Native Advertising – all you need to know

June 8, 2015

Buzzwords, don’t we all love them? It seems in digital advertising there’s a new one every month. Move over RTB, that was so late 2014! Here at Silverdrum we work with new clients in these emerging corners of the digital landscape and one that’s particularly busy recruiting top talent at the moment is the ‘native’ advertising sector. Here’s a no-nonsense guide to the basics and all you need to know about it, for those awkward interview questions around ‘emerging trends’.

What is it?

At its core, native advertising is simply paid-for advertising which is deliberately designed to replicate the look and feel of the editorial content that it appears against. It usually comes in the form of promoted content and this tends to appear within social media feeds, ‘related articles’ within blogs or web pages and paid inclusions on content aggregator sites like Buzzfeed.

What are the benefits?

Very simple really – it captures much more attention than display advertising because of its contextual relevance to users and huge sharing potential. Programmatic brought scale to display, the shareable nature of native content / advertising brings about the same result.

Is it really that big?

Not really, but it’s growing a great deal. Native and content advertising spend– including paid for sponsorships, advertisement features and in-feed distribution – hit £216 million in the first half of 2014, accounting for 21% of display ad spend (according to the IAB’s 2015 Content and Native Consumer Research paper). It has huge potential for one reason and one reason alone – the never-ending advance of data-fuelled ad technology platforms. Through programmatic (that is to say, automated) means, advertisers can distribute the right content to the right audience on the right platform in real time.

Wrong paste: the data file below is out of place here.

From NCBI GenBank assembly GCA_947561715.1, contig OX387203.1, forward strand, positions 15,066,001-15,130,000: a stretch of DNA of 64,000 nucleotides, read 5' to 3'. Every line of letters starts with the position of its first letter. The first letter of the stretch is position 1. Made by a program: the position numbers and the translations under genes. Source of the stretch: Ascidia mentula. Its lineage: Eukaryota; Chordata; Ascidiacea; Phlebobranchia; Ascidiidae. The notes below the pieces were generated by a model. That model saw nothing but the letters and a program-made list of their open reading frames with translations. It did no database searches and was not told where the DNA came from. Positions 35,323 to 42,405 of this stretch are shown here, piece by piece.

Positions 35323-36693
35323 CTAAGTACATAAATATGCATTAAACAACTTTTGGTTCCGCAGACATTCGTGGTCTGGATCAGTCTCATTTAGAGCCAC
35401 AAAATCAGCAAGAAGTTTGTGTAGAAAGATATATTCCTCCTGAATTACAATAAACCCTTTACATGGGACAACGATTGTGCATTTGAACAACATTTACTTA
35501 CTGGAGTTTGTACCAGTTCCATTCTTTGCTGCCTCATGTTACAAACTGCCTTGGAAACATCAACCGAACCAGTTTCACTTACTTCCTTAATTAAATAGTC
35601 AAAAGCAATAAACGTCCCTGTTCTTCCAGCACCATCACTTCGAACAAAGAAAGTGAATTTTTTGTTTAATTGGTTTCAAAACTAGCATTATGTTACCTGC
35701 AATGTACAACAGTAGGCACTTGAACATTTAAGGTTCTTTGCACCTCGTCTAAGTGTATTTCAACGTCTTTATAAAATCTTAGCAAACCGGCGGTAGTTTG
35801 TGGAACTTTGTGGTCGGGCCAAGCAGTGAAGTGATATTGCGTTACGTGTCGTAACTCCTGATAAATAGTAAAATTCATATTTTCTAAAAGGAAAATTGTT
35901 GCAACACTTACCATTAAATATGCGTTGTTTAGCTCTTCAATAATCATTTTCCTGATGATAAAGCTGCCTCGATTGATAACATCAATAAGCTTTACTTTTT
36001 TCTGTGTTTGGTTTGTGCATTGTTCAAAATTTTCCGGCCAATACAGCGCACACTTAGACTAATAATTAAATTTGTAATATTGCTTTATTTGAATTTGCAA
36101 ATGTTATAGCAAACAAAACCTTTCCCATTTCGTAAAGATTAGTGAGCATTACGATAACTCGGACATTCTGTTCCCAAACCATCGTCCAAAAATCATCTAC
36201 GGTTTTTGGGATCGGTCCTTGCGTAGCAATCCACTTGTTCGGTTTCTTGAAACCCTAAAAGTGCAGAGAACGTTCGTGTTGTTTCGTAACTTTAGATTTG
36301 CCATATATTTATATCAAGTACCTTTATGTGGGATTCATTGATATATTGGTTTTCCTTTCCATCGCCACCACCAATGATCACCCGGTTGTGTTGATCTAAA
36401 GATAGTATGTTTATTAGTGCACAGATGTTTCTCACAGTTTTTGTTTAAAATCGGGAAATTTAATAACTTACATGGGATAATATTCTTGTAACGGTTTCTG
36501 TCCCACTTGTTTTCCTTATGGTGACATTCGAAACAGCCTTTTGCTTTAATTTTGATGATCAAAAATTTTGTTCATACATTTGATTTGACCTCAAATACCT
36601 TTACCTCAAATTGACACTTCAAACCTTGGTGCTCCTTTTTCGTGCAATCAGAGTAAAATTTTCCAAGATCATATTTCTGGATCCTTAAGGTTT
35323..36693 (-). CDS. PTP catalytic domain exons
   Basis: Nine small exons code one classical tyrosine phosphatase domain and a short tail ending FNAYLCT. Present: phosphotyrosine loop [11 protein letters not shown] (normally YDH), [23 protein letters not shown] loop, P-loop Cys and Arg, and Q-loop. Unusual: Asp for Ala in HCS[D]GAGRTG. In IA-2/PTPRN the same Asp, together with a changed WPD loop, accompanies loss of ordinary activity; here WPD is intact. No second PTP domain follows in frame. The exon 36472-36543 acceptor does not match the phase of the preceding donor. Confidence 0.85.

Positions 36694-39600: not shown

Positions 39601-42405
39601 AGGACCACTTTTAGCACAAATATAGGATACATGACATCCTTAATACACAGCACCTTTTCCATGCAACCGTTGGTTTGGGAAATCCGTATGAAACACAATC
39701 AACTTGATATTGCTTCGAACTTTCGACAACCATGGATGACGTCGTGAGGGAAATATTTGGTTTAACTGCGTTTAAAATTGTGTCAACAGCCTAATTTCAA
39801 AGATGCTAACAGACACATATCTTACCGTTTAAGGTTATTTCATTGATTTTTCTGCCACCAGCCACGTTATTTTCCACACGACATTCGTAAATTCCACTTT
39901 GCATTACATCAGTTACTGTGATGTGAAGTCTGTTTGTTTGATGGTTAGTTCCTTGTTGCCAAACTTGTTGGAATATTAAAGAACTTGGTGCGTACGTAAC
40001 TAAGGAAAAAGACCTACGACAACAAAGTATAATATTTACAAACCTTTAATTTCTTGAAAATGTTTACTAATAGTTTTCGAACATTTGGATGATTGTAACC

Who benefits as well as advertisers?

In theory consumers, because they’re getting the best user experience, i.e. a non – disruptive and relevant form of advertising and of course publishers hugely benefit from the advertising revenue. In a world where press circulation is falling alarmingly, this could be many news brands’ saving grace. Let’s not forget media owner sales teams – most of their display is sold through machines and auctions so native offers a more human  / consultative selling based upon creativity.

Why would users engage with this?

Generally speaking, consumers decide to engage with native content based on how relevant it is to them, whether they’ll derive ‘value’ from it and if it’s clear who it’s from and if they trust the author, brand or publisher.

How is it measured for success?

There’s some way to go before consistent content trading currencies are agreed across the industry. Clicks and views are a bit outdated so most credible conversations around measurement involve engagement and attention metrics.

So there you have it. This is a real beginners’ guide to native advertising but the next time you get that awkward question in an interview about ‘latest industry developments’ you’ll be fully prepared. For our latest native (and all digital) opportunities visit our site at